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Profoundly deaf man victim of DWP’s “institutional failure”  

Profoundly deaf man victim of DWP’s “institutional failure”  

Kirklees Citizens Advice and Law Centre client, Mr Paul Rimmer, has been awarded nearly £50,000 by an Employment Tribunal for his treatment by the Department for Work and Pensions over a period of 6 years.  

Mr Rimmer is profoundly deaf and his first language is British Sign Language (BSL). He has no spoken English and only very basic reading and writing ability. Mr Rimmer attended the Job Centre Plus at Park Place in Leeds as part of the requirements for receipt of Job Seeker’s Allowance and to find work. 

Between 2017 and 2023, it was found that Park Place repeatedly failed to provide Mr Rimmer with BSL interpreters. In 2017, Mr Rimmer was sanctioned after a meeting using a poorly qualified interpreter where he could not provide evidence that he was looking for work. 

Things got worse with the arrival of the Covid-19 pandemic. During and after lockdowns, Park Place discriminated against Mr Rimmer by failing to provide services at all. While video conferencing options were available, they were refused to Mr Rimmer.  

The Tribunal also considered a particularly troubling incident when Mr Rimmer was seeking a referral to a more intensive support programme to help him find work. A Disability Employment Adviser (DEA), who had never met Mr Rimmer, but was aware that he had made complaints about failures to provide interpreters, attempted to block the referral and suggested instead that work coaches should deal with Mr Rimmer “firmly” and with directions and sanctions—i.e. to punish him.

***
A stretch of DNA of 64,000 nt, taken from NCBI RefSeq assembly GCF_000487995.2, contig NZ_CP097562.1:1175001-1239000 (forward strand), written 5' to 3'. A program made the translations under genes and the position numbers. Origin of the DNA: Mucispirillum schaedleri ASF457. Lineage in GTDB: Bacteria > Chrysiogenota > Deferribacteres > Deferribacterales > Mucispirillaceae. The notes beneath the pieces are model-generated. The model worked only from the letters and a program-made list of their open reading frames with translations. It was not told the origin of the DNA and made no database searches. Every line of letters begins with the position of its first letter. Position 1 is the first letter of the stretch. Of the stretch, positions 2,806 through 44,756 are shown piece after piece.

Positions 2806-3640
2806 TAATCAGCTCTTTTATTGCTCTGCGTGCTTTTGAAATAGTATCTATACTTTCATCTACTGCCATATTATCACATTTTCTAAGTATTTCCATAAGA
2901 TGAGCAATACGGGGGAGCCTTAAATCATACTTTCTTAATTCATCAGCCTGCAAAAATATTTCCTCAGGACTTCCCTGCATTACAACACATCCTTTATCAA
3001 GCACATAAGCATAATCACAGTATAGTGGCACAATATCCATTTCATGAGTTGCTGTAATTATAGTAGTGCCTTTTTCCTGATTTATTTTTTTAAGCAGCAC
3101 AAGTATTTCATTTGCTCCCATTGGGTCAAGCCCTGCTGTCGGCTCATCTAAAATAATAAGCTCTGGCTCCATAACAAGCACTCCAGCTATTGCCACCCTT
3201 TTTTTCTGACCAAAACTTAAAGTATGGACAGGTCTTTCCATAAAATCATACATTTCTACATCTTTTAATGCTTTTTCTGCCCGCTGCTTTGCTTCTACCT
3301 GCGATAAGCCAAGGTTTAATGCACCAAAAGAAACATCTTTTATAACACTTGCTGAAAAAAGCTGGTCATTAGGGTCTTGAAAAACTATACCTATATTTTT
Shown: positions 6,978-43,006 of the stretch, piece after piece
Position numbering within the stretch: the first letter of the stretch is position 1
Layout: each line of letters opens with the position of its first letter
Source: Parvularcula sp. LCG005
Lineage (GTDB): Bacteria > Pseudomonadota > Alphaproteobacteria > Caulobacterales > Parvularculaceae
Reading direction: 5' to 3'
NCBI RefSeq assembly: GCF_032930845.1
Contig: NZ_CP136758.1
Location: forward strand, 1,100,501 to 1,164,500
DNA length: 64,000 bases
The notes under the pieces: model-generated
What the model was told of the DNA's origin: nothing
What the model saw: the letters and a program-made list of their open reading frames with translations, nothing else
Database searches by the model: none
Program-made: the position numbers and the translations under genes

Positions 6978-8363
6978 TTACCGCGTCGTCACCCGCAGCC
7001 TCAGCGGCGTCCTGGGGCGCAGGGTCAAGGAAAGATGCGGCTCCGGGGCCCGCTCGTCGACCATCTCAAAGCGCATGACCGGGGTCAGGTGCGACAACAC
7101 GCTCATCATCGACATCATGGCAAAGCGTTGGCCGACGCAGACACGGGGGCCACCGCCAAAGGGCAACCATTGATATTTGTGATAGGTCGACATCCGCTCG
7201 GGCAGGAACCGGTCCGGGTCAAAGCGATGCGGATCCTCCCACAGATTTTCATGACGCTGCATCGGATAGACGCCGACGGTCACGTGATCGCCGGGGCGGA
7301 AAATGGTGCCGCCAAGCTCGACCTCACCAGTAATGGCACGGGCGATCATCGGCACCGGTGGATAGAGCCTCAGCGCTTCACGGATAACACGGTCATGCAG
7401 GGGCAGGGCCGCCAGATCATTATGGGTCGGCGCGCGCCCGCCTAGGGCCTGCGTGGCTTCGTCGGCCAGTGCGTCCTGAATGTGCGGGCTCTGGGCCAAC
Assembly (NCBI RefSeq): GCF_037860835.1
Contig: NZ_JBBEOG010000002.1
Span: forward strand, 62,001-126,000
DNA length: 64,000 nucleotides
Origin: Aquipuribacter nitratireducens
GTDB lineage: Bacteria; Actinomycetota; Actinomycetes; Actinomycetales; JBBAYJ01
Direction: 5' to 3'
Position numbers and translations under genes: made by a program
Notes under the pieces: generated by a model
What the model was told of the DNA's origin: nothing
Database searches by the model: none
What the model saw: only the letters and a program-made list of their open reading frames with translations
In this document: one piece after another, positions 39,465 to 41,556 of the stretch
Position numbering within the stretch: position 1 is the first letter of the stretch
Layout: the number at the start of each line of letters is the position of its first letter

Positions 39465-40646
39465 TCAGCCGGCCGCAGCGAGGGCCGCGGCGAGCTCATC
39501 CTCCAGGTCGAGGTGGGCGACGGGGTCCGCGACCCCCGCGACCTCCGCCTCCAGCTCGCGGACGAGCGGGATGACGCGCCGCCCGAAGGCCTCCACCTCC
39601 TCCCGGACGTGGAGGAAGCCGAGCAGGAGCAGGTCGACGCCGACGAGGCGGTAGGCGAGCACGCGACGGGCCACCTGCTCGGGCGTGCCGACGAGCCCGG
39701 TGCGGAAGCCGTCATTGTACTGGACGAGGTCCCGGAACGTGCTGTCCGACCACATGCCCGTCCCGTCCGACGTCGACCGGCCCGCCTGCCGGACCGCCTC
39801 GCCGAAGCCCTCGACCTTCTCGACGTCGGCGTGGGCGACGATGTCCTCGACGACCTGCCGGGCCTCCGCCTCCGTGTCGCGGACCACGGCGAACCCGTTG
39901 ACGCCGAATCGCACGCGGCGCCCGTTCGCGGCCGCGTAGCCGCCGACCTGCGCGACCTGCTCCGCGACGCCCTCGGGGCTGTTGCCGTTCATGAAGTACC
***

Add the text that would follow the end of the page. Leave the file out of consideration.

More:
It was found that the conduct of the Disability Employment Advisor constituted “oppressive” behaviour which breached the Equality Act. The Tribunal noted its pernicious effect: 

“It was also conduct which deterred legitimate complaint from a vulnerable person… this is the sort of email or conduct which anyone in receipt of services from a job centre would fear, that if job coaches or others are challenged, there will be reprisals.” 

Mr Rimmer’s award reached the highest band, reserved for the most serious level of injury. The Tribunal recommended that the DWP provide training to the work coaches, team leaders and DEAs working at Leeds Park Place Job Centre within six months. 

In his witness statement to the Tribunal, Mr Rimmer said: 

“I do feel that the Job Centre and the DWP have not wanted to help me because it is too difficult and too expensive for them. I also feel that most DWP staff do not understand the difficulties facing me as a profoundly deaf person.” 

Nick Whittingham, Chief Executive at Kirklees Citizens Advice and Law Centre said: 

“This case shines a light on the way that disabled benefits claimants are treated by the DWP, and is particularly important in light of current political rhetoric. The indications are that failings are systemic and that provision for supporting deaf and other disabled people is limited both by funding constraints and by an institutional failure to understand, or even attempt to understand, their needs.” 

John Horan, barrister at Cloisters Chambers, said: 

“In light of the Prime Minister’s recent comments that all disabled jobseekers should find a job within a year, this should be a wake-up call to ministers responsible for the Jobseeker’s programme. In an Orwellian ‘1984’ scenario, a Disability Employment Advisor, who should be there to assist disabled claimants, has been shown to have been actively targeting disabled people and attempting to block access to assistance programmes and even to the benefit itself, because the claimant had raised legitimate complaints.” 

It is fitting that this Judgement has been delivered in Deaf Awareness Week.